2kubectl apply -f https://raw.githubusercontent.com/knative/serving/${KN_VERSION}/third_party/kourier-latest/kourier.yaml
4# Specfiy knative Serving to use Kourier
5kubectl patch configmap/config-network --namespace knative-serving --type merge --patch '{"data":{"ingress.class":"kourier.ingress.networking.knative.dev"}}'

Depending on the target platform you use, you may, or may not have a value already set for the External-IP of the kourier service.

1kubectl -n kourier-system get service kourier
2# Output
3NAME      TYPE           CLUSTER-IP      EXTERNAL-IP   PORT(S)                      AGE
4kourier   LoadBalancer   pending    80:30471/TCP,443:32405/TCP   10m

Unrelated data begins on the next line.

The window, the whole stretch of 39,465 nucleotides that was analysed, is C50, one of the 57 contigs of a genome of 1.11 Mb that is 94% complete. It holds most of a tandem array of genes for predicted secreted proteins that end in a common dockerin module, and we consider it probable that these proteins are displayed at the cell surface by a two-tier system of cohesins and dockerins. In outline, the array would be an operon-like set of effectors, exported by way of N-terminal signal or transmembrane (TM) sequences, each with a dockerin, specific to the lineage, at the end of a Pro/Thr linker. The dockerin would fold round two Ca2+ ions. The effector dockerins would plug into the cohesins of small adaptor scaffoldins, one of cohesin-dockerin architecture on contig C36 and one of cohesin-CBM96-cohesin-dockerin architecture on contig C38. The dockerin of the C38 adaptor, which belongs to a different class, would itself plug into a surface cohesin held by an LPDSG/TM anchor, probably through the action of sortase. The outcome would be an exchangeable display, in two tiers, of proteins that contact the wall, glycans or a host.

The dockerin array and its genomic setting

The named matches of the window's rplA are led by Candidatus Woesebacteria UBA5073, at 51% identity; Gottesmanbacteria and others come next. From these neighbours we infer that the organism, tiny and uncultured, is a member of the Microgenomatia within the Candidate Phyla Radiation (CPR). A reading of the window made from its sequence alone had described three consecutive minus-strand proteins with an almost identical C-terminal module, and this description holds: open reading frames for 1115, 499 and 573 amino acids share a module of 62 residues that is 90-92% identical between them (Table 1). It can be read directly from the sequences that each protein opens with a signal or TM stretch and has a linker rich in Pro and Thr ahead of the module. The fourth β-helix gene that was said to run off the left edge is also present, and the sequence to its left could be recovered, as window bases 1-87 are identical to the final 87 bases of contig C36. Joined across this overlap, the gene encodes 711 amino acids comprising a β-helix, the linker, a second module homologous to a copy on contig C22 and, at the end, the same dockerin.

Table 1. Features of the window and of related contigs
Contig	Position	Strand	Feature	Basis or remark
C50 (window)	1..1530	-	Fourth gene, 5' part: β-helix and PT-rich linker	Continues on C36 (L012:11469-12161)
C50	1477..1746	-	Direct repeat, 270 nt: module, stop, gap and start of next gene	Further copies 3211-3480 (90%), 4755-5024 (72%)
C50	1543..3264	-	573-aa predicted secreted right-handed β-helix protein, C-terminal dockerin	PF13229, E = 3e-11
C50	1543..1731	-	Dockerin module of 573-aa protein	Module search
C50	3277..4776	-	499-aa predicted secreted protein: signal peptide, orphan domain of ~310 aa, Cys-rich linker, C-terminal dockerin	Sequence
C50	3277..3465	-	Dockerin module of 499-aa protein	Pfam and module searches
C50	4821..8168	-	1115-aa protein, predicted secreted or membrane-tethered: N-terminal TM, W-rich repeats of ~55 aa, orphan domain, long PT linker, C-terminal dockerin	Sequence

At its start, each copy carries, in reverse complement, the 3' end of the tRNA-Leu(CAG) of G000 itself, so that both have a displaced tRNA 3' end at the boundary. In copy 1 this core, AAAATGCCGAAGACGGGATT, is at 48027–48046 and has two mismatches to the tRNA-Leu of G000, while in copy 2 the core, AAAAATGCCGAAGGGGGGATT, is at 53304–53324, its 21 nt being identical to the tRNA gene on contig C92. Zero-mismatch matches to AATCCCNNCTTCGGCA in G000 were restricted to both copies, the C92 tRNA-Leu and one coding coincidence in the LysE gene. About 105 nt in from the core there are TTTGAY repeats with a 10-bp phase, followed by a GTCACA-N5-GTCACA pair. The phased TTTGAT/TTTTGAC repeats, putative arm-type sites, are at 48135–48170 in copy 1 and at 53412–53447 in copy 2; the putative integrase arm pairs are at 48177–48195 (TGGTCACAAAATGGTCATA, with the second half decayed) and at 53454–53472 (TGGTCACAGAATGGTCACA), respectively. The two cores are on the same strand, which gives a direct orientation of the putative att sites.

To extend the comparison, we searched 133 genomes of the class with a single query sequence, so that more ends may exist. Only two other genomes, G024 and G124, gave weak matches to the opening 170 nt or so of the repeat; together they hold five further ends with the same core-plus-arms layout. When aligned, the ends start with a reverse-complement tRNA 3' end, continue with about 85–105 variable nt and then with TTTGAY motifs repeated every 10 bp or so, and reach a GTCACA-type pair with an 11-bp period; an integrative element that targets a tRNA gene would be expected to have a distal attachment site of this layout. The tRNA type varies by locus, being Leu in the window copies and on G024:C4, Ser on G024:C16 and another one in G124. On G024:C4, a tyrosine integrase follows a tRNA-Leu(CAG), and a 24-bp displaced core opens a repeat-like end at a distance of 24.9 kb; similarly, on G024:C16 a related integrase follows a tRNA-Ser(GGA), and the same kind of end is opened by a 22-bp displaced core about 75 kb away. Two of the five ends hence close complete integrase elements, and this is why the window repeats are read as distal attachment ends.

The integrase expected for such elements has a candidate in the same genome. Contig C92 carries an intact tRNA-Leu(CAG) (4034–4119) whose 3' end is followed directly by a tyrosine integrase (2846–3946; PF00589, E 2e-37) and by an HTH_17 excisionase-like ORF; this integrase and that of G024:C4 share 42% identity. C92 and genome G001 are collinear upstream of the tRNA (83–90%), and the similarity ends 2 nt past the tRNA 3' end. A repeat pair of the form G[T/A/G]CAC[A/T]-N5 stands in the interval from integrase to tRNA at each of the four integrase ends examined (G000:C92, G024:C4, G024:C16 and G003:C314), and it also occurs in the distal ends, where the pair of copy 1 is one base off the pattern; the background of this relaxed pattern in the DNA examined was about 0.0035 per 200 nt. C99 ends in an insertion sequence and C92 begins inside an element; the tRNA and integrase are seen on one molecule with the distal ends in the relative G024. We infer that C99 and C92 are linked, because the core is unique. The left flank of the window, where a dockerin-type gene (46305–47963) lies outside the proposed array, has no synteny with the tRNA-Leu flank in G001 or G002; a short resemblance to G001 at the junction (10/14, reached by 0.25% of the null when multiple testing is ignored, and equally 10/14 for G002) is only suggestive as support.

If you have a pending value (like in my on-premise setup), you can manually assign an IP address to the service:

1kubectl patch service kourier -p '{"spec": {"type": "LoadBalancer", "externalIPs":[""]}}' -n kourier-system
3kubectl -n kourier-system get service kourier
4# Output
5NAME      TYPE           CLUSTER-IP      EXTERNAL-IP   PORT(S)                      AGE
6kourier   LoadBalancer    80:30471/TCP,443:32405/TCP   10m

You can have a quick look at running pods on your `` namespace to see if everything is running fine:

1kubectl get pods -n knative-serving
2# Output
3NAME                                      READY   STATUS    RESTARTS   AGE
43scale-kourier-control-67c86f4f69-6mnwr   1/1     Running   0          11m
5activator-799bbf59dc-s6vls                1/1     Running   0          11m
6autoscaler-75895c6c95-mbnqw               1/1     Running   0          11m
7controller-57956677cf-74hp9               1/1     Running   0          11m
8webhook-ff79fddb7-gjvwq                   1/1     Running   0          11m

Knative Eventing